The spot, part of a seven-figure ad buy, will air on nationally syndicated urban radio shows, according to the DNC. 

He also made a rousing case that his legacy is on the line in November during a mid-September speech to the Congressional Black Caucus Foundation. 

“I will consider it a personal insult, an insult to my legacy, if this community lets down its guard and fails to activate itself in this election,” he said. “You want to give me a good sendoff? Go vote.”

Haynie said black voters in North Carolina have been motivated by local issues, such as a court battle over controversial voter ID legislation. But he said Obama has helped a great deal as well. 

“There is enthusiasm for that, to thank the first black president,” he said. “It’s a very powerful message to have him say, in the words of Ronald Reagan, ‘Win one for the gipper.’”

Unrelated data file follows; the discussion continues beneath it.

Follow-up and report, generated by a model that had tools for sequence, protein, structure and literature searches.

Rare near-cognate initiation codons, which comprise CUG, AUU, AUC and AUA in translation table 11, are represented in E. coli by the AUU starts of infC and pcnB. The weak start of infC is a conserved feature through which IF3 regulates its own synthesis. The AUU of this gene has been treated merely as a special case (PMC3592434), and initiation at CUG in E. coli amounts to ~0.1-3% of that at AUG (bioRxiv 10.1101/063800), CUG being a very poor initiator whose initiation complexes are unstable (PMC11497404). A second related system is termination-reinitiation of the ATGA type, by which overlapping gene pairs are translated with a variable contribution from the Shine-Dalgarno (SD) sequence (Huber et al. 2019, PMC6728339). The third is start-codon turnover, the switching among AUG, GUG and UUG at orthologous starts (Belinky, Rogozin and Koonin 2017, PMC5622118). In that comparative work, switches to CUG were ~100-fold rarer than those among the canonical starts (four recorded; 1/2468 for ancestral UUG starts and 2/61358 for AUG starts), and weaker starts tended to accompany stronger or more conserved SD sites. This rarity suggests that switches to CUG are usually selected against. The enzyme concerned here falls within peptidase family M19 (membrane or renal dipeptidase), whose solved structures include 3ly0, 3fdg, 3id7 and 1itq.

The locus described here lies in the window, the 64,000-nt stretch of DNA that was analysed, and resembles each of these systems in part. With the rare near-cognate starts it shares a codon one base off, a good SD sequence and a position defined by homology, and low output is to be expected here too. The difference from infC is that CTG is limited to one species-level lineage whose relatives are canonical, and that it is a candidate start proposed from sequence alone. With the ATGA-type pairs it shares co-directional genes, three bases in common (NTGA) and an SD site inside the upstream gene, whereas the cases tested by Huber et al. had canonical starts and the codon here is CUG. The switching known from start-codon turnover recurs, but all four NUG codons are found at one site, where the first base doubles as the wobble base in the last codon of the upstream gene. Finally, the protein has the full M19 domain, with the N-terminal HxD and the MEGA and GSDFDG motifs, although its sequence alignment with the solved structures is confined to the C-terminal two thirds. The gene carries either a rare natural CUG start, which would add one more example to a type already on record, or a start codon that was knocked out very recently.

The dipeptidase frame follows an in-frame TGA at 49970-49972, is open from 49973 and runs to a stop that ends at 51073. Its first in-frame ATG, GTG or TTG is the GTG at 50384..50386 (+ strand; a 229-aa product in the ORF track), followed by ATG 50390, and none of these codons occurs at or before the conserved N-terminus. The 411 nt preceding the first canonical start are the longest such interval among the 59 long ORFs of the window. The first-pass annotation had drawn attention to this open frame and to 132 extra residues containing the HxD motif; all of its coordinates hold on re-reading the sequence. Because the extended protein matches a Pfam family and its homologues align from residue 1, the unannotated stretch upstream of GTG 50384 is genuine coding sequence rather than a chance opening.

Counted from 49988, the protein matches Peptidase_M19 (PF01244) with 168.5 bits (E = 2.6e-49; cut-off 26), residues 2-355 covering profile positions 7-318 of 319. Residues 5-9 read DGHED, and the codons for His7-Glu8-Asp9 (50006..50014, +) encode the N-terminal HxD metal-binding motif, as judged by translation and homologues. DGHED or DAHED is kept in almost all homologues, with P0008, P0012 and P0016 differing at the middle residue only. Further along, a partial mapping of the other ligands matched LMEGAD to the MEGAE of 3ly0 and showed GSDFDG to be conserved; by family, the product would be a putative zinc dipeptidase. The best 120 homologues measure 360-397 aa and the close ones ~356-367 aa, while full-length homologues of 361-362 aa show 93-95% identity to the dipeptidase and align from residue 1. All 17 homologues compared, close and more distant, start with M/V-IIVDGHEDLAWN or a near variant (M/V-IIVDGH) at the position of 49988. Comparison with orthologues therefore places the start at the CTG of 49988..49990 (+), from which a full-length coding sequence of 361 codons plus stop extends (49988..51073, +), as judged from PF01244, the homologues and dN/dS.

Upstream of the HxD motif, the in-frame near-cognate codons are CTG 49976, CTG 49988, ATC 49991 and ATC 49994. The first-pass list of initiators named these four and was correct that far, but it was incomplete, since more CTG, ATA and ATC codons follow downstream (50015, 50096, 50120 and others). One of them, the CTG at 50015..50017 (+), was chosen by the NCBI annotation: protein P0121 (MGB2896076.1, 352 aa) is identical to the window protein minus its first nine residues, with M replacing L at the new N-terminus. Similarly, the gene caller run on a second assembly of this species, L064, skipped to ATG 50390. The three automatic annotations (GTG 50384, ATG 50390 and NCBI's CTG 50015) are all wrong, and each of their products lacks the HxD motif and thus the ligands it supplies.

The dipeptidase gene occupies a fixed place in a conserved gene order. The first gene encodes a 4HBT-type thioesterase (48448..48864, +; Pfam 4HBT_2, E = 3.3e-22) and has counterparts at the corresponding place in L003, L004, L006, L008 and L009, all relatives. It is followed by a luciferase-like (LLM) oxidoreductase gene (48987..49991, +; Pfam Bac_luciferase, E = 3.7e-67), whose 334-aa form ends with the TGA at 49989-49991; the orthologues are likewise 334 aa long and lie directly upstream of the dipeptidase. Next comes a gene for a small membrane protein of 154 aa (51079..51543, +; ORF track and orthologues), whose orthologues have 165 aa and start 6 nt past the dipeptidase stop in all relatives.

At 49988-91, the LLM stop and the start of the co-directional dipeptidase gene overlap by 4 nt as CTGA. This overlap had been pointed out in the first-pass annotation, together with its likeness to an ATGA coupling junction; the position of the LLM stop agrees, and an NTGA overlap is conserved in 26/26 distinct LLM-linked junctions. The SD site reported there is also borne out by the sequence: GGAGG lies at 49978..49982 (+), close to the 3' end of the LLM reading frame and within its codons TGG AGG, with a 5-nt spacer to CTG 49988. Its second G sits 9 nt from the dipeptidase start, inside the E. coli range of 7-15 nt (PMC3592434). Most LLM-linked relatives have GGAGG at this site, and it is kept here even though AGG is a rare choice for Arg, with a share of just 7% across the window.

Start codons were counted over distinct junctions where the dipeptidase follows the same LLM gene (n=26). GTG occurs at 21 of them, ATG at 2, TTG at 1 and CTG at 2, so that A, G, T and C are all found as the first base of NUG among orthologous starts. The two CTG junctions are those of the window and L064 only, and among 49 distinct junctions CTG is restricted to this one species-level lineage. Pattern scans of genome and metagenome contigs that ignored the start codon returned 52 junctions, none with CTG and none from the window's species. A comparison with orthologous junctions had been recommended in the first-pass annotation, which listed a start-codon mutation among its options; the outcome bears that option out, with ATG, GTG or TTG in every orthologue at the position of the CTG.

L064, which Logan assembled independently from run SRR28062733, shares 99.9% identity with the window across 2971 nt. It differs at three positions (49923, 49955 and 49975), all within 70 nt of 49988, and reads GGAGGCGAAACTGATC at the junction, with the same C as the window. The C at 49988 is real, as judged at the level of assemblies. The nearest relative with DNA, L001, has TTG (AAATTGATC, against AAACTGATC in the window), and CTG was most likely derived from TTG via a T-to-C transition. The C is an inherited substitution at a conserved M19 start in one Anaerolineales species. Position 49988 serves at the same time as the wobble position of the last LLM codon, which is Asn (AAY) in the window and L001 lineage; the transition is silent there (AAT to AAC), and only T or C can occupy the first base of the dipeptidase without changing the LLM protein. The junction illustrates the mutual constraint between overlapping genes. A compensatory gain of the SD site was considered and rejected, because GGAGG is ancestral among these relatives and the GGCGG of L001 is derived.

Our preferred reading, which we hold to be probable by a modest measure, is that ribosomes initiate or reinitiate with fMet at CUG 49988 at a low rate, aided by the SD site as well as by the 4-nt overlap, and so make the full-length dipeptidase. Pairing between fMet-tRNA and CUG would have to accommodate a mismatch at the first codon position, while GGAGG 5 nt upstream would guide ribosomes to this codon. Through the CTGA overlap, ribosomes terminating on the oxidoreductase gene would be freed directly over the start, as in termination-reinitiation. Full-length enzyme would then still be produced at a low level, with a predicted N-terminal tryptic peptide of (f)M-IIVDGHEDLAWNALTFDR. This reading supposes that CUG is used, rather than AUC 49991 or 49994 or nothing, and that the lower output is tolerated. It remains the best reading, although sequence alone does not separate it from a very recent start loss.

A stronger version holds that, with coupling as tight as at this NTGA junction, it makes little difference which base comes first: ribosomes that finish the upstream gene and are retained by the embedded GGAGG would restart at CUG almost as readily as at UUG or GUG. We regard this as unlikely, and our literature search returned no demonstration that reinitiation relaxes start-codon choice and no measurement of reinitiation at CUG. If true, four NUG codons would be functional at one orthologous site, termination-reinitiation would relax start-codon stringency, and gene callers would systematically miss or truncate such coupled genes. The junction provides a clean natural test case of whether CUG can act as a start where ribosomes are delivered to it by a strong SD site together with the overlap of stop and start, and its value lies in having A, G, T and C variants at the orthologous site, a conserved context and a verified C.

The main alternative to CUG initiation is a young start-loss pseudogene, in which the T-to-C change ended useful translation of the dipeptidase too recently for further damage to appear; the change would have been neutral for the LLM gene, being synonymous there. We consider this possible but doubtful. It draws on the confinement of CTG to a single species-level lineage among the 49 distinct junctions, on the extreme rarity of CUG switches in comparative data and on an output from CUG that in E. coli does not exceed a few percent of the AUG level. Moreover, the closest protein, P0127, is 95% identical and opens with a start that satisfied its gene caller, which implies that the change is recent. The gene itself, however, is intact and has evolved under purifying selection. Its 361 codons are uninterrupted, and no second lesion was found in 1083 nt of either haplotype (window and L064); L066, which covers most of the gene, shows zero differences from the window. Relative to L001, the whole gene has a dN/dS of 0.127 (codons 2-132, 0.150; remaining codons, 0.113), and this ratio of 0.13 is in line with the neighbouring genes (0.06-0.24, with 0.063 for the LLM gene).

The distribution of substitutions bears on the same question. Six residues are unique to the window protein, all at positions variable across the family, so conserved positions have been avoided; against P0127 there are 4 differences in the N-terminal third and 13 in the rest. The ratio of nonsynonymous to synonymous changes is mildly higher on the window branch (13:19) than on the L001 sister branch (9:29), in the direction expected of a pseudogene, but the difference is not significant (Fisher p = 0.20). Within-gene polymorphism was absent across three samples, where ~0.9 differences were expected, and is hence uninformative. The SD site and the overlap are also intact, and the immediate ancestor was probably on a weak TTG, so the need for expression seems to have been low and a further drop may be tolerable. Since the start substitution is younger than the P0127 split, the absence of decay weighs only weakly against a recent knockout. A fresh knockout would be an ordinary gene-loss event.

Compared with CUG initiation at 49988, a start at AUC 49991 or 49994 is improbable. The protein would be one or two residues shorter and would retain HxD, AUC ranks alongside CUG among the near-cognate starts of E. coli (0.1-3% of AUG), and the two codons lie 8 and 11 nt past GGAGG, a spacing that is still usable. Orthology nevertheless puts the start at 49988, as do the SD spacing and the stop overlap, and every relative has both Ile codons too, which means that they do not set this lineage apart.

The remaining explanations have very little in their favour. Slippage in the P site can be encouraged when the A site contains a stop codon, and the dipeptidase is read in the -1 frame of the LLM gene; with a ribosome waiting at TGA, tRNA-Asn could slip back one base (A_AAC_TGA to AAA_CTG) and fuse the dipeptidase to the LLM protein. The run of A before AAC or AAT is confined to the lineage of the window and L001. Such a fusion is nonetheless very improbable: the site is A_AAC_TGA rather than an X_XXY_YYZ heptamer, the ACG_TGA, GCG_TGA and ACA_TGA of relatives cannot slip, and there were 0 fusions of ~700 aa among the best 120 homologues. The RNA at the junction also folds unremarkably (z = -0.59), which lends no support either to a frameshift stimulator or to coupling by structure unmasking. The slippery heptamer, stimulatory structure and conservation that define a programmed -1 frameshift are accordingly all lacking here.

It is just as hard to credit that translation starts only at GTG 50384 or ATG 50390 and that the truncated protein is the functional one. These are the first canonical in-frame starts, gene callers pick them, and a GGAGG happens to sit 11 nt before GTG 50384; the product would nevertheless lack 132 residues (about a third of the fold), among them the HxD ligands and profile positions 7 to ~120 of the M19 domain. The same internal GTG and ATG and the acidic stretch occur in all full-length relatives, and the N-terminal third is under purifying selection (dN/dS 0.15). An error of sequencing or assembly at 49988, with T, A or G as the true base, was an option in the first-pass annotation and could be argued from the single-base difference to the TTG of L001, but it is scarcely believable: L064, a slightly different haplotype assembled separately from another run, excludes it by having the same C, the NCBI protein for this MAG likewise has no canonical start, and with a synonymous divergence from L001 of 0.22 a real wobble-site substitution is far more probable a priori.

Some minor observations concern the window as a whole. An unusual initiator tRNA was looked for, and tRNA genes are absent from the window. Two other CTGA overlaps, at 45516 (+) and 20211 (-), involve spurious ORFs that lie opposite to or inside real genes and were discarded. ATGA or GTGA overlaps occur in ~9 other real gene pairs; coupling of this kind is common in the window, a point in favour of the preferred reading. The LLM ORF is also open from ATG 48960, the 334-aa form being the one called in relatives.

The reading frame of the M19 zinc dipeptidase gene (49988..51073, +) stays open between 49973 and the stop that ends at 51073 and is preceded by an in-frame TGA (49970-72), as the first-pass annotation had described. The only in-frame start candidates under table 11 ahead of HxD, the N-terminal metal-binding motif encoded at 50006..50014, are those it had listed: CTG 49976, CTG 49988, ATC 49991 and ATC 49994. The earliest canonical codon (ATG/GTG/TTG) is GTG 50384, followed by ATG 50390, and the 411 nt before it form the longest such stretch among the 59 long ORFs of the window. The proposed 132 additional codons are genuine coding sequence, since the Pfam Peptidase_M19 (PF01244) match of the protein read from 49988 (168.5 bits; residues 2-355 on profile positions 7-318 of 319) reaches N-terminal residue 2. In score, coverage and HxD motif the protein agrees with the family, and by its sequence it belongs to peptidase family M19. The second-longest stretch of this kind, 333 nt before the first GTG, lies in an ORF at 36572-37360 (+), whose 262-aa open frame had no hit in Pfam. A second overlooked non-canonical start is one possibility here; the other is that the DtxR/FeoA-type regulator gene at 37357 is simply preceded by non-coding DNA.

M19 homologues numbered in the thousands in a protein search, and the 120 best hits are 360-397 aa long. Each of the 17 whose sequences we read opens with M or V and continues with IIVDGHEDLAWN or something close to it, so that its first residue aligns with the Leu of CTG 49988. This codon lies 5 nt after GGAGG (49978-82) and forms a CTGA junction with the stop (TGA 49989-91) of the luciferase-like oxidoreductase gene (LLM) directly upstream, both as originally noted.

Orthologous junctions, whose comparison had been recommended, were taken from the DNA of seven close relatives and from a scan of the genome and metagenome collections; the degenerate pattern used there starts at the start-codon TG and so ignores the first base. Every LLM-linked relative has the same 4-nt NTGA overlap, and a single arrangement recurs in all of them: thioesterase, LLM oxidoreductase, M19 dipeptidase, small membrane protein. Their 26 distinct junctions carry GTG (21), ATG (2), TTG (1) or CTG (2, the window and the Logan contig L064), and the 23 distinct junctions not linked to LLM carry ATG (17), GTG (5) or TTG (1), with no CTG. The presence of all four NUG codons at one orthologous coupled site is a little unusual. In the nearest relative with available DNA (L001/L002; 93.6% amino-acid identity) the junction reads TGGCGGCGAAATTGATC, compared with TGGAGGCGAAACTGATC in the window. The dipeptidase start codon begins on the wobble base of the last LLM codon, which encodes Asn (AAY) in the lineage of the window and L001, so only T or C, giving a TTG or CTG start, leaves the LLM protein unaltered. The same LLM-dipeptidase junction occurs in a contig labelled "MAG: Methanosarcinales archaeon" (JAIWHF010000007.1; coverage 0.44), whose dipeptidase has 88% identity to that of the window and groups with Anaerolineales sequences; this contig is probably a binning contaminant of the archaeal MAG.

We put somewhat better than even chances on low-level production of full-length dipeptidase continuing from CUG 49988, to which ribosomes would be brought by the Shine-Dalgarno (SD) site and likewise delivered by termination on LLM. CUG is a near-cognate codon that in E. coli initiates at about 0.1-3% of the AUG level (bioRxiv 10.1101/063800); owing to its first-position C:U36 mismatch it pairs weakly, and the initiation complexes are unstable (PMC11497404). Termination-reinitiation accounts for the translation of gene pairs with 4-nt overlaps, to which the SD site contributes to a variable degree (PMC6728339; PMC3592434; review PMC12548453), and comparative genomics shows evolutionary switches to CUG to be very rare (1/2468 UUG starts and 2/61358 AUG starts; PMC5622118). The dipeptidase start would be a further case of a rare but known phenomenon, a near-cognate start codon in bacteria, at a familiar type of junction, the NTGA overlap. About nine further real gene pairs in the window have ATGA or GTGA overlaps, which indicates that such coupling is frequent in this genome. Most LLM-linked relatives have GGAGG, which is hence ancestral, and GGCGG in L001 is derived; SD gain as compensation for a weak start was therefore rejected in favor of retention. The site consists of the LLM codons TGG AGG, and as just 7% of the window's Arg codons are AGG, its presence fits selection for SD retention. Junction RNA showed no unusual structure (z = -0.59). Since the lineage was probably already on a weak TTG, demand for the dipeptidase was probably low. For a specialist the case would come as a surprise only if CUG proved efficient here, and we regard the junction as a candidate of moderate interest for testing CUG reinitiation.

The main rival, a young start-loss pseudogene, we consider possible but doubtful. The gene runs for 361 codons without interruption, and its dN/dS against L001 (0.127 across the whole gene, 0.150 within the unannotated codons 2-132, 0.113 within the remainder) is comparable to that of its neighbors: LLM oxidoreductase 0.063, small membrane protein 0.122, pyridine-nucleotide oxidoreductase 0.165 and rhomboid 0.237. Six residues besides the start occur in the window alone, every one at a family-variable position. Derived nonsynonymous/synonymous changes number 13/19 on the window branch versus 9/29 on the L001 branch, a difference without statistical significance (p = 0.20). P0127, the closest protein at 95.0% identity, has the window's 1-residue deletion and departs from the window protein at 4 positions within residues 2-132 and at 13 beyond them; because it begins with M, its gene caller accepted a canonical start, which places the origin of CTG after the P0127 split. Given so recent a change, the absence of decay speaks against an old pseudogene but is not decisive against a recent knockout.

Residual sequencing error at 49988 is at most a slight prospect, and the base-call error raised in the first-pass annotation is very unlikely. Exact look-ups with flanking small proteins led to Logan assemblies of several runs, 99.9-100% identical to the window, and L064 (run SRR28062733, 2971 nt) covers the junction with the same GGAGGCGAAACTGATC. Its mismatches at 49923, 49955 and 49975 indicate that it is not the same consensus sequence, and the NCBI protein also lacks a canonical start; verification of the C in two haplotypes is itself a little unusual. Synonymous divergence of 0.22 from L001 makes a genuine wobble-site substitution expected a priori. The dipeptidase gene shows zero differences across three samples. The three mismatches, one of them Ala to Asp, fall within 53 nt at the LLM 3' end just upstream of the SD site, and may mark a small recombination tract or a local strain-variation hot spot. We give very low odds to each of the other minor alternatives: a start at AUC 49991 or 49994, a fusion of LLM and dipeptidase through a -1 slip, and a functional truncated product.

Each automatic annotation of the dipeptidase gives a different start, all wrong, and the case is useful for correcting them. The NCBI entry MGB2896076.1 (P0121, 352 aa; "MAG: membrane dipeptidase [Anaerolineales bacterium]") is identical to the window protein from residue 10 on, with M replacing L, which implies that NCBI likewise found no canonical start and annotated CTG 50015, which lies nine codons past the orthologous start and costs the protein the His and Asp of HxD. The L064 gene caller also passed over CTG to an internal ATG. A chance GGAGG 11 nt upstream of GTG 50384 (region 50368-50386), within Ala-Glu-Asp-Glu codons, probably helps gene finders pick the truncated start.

First lady Michelle ObamaMichelle LeVaughn Robinson ObamaObamas reportedly buying Martha's Vineyard mansion The Hill's Morning Report - Trump touts new immigration policy, backtracks on tax cuts Obama explains decision to get into movie business: 'We all have a sacred story' MORE has also emerged as a powerful force for Clinton. She’s stumped for her in Pennsylvania, Virginia and North Carolina and has appeared in radio ads geared toward African-American voters airing in battleground states. 

“So when I hear folks saying that they just don't feel inspired in this election, I have to disagree because right now, we have an opportunity to elect one of the most qualified people who has ever endeavored to become president,” Obama said of Clinton during a stop in Raleigh, N.C.